/ Xeni Jardin / 11 am Thu, Jan 22 2015
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  • Journalist Barrett Brown sentenced to 63 months in federal prison

    Journalist Barrett Brown sentenced to 63 months in federal prison

    He's already served more than two years in prison on charges related to sources within the Anonymous hacktivist entity.

    A court in Dallas has sentenced Barrett Brown to 63 months in federal prison, minus 28 months already served. For count one in the case, he receives 48 months. For count 2, he receives 12 months. And for count 3, he receives 3 months. He is also ordered to pay $890,000 in restitution.

    The government's charges against the intelligence and security reporter stemmed from his relationship with sources close to the hacker group Anonymous, and the fact that Brown published a link to publicly-available copies of leaked Stratfor documents.

    Brown read a statement to the court during the sentencing hearing, and you can read that statement in entirety here.

    "Journalists are especially vulnerable right now, Your Honor, and they become more so when the FBI feels comfortable making false claims about them," Brown wrote:

    Deny being a spokesperson for Anonymous hundreds of times, and you’re still a spokesperson for Anonymous. Deny being a journalist once or twice, and you’re not a journalist. What conclusion can one draw from this sort of reasoning other than that you are whatever the FBI finds it convenient for you to be at any given moment. This is not the “rule of law”, Your Honor, it is the “rule of law enforcement”, and it is very dangerous.

    From our earlier coverage:

    Brown originally faced more than a century in prison on a swathe of charges relating hacks targeting corporations. He admitted lesser crimes to reduce his possible sentence to 8½ years.

    Published in Vanity Fair, The Guardian and elsewhere, Brown is often described as an "unofficial spokesperson" for the Anonymous collective, which he denies. He founded Project PM, a website intended to collate publicly-leaked information for use by journalists and activists.

    Among the secrets exposed were collaborative efforts between the government and private contractors to monitor social networks, and to develop online surveillance systems.

    Brown, 33, was arrested in 2012 after his and his mothers' homes were raided and he used "threatening" language toward FBI officers in a response posted to YouTube. He was subsequently accused of working with the hackers whose efforts yielded a huge tranche of embarrassing and revealing information concerning misbehavior and sleaze at U.S. government contractors.

    Among the charges was the claim that merely linking to the leaked information was illegal—an alleged crime for which prosecutors sought decades in prison and which roused the interest of press freedom groups.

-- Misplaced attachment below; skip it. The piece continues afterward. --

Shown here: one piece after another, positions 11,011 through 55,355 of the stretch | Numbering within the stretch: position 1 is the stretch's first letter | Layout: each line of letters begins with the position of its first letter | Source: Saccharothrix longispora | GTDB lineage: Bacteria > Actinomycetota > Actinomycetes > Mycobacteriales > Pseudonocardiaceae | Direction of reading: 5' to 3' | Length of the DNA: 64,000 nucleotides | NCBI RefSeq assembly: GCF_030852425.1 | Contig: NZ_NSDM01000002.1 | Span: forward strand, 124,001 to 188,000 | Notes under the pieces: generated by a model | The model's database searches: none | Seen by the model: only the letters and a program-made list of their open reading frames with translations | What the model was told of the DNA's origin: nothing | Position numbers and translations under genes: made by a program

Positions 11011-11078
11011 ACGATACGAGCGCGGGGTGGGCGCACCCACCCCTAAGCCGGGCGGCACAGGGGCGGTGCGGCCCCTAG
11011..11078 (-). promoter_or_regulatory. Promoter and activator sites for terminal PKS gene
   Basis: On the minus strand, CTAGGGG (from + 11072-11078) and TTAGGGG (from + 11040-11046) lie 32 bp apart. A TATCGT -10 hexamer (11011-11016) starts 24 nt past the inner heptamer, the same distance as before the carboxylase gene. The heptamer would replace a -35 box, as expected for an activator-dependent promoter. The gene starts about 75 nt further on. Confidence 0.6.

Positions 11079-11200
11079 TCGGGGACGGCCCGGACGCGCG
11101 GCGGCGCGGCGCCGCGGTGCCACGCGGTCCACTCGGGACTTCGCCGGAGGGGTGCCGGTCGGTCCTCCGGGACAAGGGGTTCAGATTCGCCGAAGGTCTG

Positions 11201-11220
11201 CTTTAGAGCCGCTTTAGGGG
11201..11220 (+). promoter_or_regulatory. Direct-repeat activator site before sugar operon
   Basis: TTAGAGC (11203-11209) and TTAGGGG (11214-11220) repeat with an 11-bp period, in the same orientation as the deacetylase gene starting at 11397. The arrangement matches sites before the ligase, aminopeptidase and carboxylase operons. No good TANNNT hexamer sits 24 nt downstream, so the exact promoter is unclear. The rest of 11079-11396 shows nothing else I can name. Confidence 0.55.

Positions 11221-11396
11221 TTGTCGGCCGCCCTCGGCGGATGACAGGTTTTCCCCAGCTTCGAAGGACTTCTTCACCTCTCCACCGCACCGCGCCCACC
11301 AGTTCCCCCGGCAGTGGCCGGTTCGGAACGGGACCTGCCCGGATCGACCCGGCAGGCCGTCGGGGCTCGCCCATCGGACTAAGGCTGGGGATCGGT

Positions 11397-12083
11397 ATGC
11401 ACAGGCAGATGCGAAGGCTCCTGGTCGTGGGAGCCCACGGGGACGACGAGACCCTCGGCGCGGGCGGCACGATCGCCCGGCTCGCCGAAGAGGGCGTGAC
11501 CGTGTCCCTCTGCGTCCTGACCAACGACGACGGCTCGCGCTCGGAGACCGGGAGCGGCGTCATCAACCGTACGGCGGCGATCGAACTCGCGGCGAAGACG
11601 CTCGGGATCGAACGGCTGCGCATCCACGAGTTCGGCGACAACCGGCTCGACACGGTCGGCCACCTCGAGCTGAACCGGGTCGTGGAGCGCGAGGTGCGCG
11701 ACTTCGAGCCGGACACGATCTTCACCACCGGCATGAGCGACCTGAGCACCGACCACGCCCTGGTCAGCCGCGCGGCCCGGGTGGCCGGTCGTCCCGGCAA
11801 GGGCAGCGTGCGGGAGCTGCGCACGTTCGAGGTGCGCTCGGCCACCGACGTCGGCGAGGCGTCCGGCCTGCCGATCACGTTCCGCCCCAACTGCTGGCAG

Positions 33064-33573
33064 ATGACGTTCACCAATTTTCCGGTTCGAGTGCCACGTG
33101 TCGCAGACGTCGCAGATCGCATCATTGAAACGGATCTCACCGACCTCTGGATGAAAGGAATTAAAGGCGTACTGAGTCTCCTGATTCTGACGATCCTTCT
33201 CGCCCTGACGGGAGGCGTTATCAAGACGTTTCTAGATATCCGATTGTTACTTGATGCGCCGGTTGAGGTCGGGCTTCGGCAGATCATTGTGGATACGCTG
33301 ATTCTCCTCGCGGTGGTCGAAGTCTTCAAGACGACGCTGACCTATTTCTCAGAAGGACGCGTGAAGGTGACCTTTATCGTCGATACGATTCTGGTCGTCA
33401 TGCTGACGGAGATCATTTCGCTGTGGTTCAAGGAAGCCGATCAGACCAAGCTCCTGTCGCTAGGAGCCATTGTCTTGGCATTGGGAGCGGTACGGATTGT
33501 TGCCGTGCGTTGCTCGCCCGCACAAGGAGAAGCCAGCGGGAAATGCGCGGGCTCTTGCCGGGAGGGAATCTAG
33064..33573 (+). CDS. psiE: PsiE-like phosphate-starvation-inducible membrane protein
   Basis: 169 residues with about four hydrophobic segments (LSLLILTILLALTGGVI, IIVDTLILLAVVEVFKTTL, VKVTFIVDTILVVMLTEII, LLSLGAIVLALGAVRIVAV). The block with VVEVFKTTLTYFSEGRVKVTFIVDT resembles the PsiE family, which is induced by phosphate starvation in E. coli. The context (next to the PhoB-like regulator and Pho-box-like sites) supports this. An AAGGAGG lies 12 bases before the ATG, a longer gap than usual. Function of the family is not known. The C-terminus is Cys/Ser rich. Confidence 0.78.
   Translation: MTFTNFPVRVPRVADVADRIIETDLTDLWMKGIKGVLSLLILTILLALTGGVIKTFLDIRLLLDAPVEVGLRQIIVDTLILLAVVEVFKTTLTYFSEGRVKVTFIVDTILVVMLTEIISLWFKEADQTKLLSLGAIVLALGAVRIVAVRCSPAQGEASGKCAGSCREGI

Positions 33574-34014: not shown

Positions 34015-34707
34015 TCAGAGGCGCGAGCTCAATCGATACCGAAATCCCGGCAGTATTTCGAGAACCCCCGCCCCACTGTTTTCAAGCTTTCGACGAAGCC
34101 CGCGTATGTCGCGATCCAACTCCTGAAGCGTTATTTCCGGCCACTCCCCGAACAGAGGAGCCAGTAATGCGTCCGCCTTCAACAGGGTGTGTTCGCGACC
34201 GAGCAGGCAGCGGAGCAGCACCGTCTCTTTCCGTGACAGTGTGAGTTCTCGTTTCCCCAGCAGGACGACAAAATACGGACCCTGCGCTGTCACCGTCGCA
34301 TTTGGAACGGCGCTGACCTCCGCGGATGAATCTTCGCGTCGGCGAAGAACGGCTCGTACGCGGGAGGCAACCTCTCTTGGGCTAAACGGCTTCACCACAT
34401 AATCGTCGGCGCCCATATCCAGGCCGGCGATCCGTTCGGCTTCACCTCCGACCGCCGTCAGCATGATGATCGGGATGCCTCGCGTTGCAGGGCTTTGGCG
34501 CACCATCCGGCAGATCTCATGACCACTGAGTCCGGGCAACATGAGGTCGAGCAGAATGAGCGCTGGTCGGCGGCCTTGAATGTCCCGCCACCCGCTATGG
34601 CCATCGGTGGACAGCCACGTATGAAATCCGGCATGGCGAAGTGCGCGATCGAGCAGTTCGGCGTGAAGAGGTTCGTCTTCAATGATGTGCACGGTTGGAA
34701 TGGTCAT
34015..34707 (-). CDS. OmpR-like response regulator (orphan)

He ultimately signed a plea deal on three lesser charges: transmitting a threat, trying to hide a laptop computer during a raid, and to being "accessory after the fact in the unauthorized access to a protected computer." He spent a year awaiting trial in federal prison, and was subject to a 6-month gag order prohibiting him from discussing his case with the media.

    Tweets from observers, activists, and journalists present at today' sentencing hearing in the Dallas courtroom follow.

    "Read the statement Barrett Brown read to the court in his sentencing hearing"
    "Journalist Barrett Brown to be sentenced today"


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    Notable Replies

    1. This falls in line with some of the things I've heard from DoD infosec types, that they were warned that talking about the various leaks could land them in serious trouble for transmitting classified information.

      Our national security apparatus is becoming so big, bloated, and stupid that reform may very well be impossible. The fact is, though, that if we didn't have a threat, it would collapse in on itself.

      Small wonder, then, that we're bombing countries with brown people - gotta inspire more terrorists to replace the ones we just blew up in order to keep the threat valid. We can't de-escalate. Or leave people alone. We have to be faster, more intrusive, and crueler, until we find even the terrorist living within each person. After all, being against this hunt for terrorists means you are providing support to terrorists! Any interference with destroying the terrorists means the people responsible for that interference are terrorists too!

      And this is how you get a fundamentally decent people to support progroms, purges, and disapperings.

    2. Tawnie says:

      Barrett was not a Journalist. He was involved in anonymous, he threatened a federal agent and is a recovering addict. At his worst he allegedly beat his girlfriend , he killed his mom's cat and stuffed it. This is not a case of journalist freedom. Barrett is not a journalist, he is a published writer that had a very unhealthy obsession with Hunter Thompson. He is a disturbed man. I spent hours of my life in his Tiny Chat as he ranted, raved, and shot up.

    3. Nice Ad Hominem that you have there. It'd be a shame if anything happened to it...

    4. "Barrett was not a Journalist. He was involved in anonymous, he threatened a federal agent and is a recovering addict."

      Oh! Look! You are a first-time, single-post troll, with no history on the BBS forum and bring only an Ad Hominem attack without citation, against someone who's prosecution represents an abuse of state power and the suppression of First Amendment speech rights.

      Well done!

    5. I heard he also assassinated Kennedy, caused global warming, and is an agent of the lizardmen who are trying to take over the world. Citations? Nah, you should just trust me!

    Continue the discussion bbs.boingboing.net

    22 more replies